2012 Quinta da Vargellas Vintage – Vargellas is the enchanting vineyard located far east in the Douro Superior that provides grapes for the Taylor Fladgate Ports.  These grapes have vibrant acidity and natural tension as a result of their home at higher altitudes. This Port is a Single-Quinta Vintage Port which means that all grapes came from the same year and vineyard and that it was primarily aged in bottle (only two years in wood) which produces the deep opaque purple that is characteristic of Vintage ports.  Bottle aging prevents oxygen from getting into the wine thus preserving the deep color and producing more fruit–forward flavors. Flavors of blackberry, blueberry, chocolate, and violet with an electric acidity showcase this Port.

10 Year Tawny – A tawny is aged at least 6 years in wood and the “10 year” designates that the average age of all wines used in the blend is 10 years old.  Tawnies are always blends of many different years and always lighter in color than Vintage Ports due to slight oxygen ingress from being aged in barrel which also produces a more dried fruit and nut profile versus the fruitiness of a Vintage. This Port was the darkest in color of the 5 tawnies and tasted of dried fruit, spice, and almonds.

20 Year Tawny – Charming flavors of orange peel, dried apricot, marmalade, and walnuts with supple tannins and that lightning acidity to keep it fresh.  This was the most universally popular of the bunch. In general, 20 Year tawnies offer the best value for the quality as they are substantially more complex than a 10 Year and typically not much higher in price.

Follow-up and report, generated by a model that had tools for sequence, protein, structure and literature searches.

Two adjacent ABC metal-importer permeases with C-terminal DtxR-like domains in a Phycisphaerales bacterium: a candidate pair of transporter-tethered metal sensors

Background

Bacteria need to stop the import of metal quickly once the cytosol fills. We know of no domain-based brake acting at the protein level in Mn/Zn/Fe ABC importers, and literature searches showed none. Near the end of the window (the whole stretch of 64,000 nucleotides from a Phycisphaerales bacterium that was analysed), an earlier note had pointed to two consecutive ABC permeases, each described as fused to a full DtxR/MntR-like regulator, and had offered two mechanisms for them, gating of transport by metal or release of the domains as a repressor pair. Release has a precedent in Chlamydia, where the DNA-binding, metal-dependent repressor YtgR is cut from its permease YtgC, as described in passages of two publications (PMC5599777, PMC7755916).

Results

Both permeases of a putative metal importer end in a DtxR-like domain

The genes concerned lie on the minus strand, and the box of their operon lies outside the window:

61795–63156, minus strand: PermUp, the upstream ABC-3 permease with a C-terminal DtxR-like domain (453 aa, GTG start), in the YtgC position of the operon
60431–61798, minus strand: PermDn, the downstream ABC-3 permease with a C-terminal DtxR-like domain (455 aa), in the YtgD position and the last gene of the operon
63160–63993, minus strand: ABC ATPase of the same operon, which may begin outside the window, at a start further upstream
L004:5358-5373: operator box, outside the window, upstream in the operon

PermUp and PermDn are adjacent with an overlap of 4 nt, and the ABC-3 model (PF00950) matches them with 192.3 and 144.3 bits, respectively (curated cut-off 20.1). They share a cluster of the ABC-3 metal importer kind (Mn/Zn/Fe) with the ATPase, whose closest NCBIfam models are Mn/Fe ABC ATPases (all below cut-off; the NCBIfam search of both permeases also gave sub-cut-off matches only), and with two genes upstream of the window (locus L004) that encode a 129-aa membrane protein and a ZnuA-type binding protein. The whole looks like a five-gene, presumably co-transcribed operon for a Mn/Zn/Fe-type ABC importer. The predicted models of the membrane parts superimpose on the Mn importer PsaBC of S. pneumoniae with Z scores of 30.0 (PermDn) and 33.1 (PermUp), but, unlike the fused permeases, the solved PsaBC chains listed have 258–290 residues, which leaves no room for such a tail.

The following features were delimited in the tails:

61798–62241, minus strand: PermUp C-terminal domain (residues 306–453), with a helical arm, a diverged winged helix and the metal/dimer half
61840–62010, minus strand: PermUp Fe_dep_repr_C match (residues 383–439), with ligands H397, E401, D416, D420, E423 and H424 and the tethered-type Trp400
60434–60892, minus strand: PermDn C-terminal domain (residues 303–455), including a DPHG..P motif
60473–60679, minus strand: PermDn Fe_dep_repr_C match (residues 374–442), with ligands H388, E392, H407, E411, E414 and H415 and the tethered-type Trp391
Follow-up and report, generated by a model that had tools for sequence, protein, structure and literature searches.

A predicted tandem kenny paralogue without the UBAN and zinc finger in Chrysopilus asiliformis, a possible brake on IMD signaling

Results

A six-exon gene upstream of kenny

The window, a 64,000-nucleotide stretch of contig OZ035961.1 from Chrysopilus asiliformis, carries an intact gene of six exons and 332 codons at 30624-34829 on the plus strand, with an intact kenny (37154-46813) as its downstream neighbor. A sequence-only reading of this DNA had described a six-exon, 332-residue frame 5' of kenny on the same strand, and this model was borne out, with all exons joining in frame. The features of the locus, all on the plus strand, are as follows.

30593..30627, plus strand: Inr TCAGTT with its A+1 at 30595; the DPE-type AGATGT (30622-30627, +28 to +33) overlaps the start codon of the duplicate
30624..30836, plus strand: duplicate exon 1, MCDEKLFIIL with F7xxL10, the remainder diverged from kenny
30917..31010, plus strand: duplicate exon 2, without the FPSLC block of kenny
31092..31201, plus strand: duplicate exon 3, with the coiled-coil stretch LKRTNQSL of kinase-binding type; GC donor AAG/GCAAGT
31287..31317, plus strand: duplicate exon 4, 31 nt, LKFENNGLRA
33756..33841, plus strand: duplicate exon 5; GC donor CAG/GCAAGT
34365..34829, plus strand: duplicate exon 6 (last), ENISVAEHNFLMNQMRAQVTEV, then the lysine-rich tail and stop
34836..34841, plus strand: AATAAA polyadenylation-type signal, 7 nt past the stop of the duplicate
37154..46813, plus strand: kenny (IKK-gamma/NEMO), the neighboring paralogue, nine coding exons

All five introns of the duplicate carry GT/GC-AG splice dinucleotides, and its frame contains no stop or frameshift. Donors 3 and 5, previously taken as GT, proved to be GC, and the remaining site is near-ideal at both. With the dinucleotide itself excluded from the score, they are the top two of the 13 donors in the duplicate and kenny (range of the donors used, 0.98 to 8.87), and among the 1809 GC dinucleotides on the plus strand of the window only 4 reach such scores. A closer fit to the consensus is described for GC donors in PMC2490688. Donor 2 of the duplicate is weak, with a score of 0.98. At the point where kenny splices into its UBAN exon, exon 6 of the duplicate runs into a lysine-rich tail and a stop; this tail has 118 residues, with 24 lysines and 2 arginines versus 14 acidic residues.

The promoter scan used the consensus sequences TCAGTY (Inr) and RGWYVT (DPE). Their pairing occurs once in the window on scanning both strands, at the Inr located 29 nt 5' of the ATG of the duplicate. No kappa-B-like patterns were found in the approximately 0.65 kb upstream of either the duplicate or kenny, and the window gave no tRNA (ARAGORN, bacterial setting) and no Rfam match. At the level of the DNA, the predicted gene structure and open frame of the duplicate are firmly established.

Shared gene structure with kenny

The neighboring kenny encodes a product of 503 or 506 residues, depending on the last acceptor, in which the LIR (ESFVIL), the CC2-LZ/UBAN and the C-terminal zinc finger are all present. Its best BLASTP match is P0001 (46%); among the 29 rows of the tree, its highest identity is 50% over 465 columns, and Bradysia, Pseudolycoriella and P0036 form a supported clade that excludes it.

30 Year Tawny – This Port demonstrated the developing signs of age with notes of acetaldehyde (that “sherry-like” smell) accompanied by polished mahogany, dried pineapple, and orange flavors with a highly viscous mouthfeel.  Most port houses don’t make 30 and 40 year-old Ports anymore and it’s a category that Taylor Fladgate excels at.

40 Year Tawny – Making the leap of preserving the 20 Year tawny’s freshness and youthful acidity but combining those wonderful age flavors of dried fruit, prune, and walnuts that started to appear in the 30 year-old, this Port was exceptional with brisk acidity and regal structure.

1967 Colheita – Colheita is a vintage tawny Port which means that it’s aged at least 6 years in wood (like a Tawny) but is made from grapes all harvested in the same year (like a Vintage).  All of these grapes were from 1967 which I have a special fondness for as it’s my birth year and I used this Port to celebrate the big 5-0 earlier this year.

This Port was a complex menagerie of maple syrup, caramel, honey, walnuts, dried herbs, and furniture polish with an almost Cognac-like edge to it.  Its beautiful amber gold color was tinged with olive flecks on the rim which also speaks to its age. 11,000 bottles were produced and this Port can still be found in the U.S. for $300.

Taylor Fladgate also has a beautiful restaurant next to the tasting room called Barão Fladgate.  With a panaoramic patio and spectacular views from inside, this is a perfect place to enjoy everything Porto has to offer.

Vinum Restaurant

Vinum Restaurant

We also visited Graham’s Lodge in Porto which has a stunning restaurant in Vinum.  Sweeping views of the city and Douro river abound whether indoors in the sultry wine-themed interior or the spacious veranda.  We had a guided tour of the elaborate cellars (a typical “smaller” Port barrel is 550-liters in size compared to the typical French 225-liter barrel) and more oval shaped in the middle.  New oak is rarely used in Port as the competing wood flavors would detract from Port’s own decadent nuances.